Invest in Common Stocks

Some corporations issue different types of common stocks that can be different in features. For example, Agere Company owns common stocks class A and B. Common stocks class A were offered at the Initial Public Offering (IPO) and each share deserves a vote in all the subjects in which the shareholders have a right to vote on.

Common stocks class B give them the right to issue 4 votes per each share to choose or remove directors, and besides forcing a vote per each share in any other issues that has to be voted upon.

Some companies with more than one class of common stocks has per each one of them a different dividend rate.

Types of common stocks: Although every common stock represent an ownership of interests in companies, there are many types of common stocks. As previously mentioned, blue chips pay dividends, and the growth stocks generally don’t do it.

Stocks can be classified in many categories which benefits investors because the different type of stocks vary in respect to returns, quality, steadiness in earnings and its dividends, and the relation with the varied type of risks that affect companies and markets.

Blue-chip stocks: Blue-chip stocks make reference to companies with a large background of gains and payment of sustained dividends. These steady companies have developed a leadership position particularly within there industries, and because of their great size and importance they have established records of gains and payment of dividends. The majority, if not all, companies listed in the Dow Junes Industrial Average are considered as Blue-chip companies.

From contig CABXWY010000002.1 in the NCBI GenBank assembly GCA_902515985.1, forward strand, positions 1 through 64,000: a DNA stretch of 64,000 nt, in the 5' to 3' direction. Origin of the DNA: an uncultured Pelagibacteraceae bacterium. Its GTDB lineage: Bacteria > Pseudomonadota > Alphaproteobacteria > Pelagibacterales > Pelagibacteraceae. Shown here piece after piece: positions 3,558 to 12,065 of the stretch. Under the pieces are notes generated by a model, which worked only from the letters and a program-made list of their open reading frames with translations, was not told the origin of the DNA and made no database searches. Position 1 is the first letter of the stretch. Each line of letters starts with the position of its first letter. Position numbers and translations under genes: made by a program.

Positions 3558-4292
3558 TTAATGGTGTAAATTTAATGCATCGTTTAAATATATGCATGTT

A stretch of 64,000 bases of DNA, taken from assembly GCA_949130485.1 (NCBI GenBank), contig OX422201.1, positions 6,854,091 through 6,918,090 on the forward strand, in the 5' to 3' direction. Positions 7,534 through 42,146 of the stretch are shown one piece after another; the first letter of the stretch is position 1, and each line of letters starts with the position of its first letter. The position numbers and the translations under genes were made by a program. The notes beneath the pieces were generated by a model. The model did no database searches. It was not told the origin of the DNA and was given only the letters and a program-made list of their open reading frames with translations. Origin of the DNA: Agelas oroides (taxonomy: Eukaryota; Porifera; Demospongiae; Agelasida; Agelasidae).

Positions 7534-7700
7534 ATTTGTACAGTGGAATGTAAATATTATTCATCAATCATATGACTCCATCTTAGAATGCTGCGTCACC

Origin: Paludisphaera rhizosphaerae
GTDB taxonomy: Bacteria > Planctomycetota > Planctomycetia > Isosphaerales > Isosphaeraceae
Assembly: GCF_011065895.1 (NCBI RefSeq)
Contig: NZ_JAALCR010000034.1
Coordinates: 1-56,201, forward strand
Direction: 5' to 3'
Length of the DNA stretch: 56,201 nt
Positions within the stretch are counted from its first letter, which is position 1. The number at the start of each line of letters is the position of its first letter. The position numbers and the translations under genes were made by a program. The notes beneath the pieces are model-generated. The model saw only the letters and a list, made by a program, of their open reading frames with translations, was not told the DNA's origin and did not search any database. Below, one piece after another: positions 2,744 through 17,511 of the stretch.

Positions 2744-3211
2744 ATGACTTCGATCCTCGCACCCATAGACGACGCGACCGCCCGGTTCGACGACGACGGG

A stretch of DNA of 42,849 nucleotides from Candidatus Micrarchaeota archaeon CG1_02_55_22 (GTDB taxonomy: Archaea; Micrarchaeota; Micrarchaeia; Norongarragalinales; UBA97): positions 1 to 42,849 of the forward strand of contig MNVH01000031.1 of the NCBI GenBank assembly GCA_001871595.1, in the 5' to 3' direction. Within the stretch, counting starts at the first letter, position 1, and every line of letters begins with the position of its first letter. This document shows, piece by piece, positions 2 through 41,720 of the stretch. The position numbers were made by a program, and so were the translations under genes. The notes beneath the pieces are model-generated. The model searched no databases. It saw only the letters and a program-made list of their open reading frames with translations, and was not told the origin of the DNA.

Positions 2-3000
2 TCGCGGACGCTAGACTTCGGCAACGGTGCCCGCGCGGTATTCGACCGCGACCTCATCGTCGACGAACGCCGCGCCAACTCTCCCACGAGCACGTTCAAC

However, some financially troubled former Dow stocks such as AT&T for example, have cut their dividends and have been removed from the Dow Jones industrial Average and replaced with other more solid companies.

Not all Blue-chip companies are the same. For example, Wal-Mart the largest retailing trader  pays an annual dividend of $0.60 per share. On the other hand Merck, the pharmaceutical company, pays an annual dividend of $1.52 per share; and Exxon Mobil pays an annual dividend of $1.16 per share (as of May, 2005).

Wal-Mart sales and earnings have grown quickly since its beginnings. During its first years it retained its earnings to reinvest them en its own growth. Years later it started to pay small amounts in dividends.

Wal-Mart does not fit within the typical parameters that define a Blue-chip company, because it does not pay much dividends and does not have a large background doing so.

Merck and Exxon Mobil historically also have sales and earnings in constant growth, but they have decided to pay higher percentages over their earnings as dividends and own a larger background doing so. 

Blue-chip companies are liked by investors that look for quality companies with a background of growing profits and regular dividend payouts.

These type of companies tend to be less risky during the periods of economic uncertainty due to their reliable earnings. In a bear market, prices of blue-chip company shares tend to fall less than those of companies growth stocks that don’t pay dividends.

Investors are attracted more to blue-chips stocks because they not only provide a store of wealth in anticipation of capital appreciation , but also deliver regular dividend income.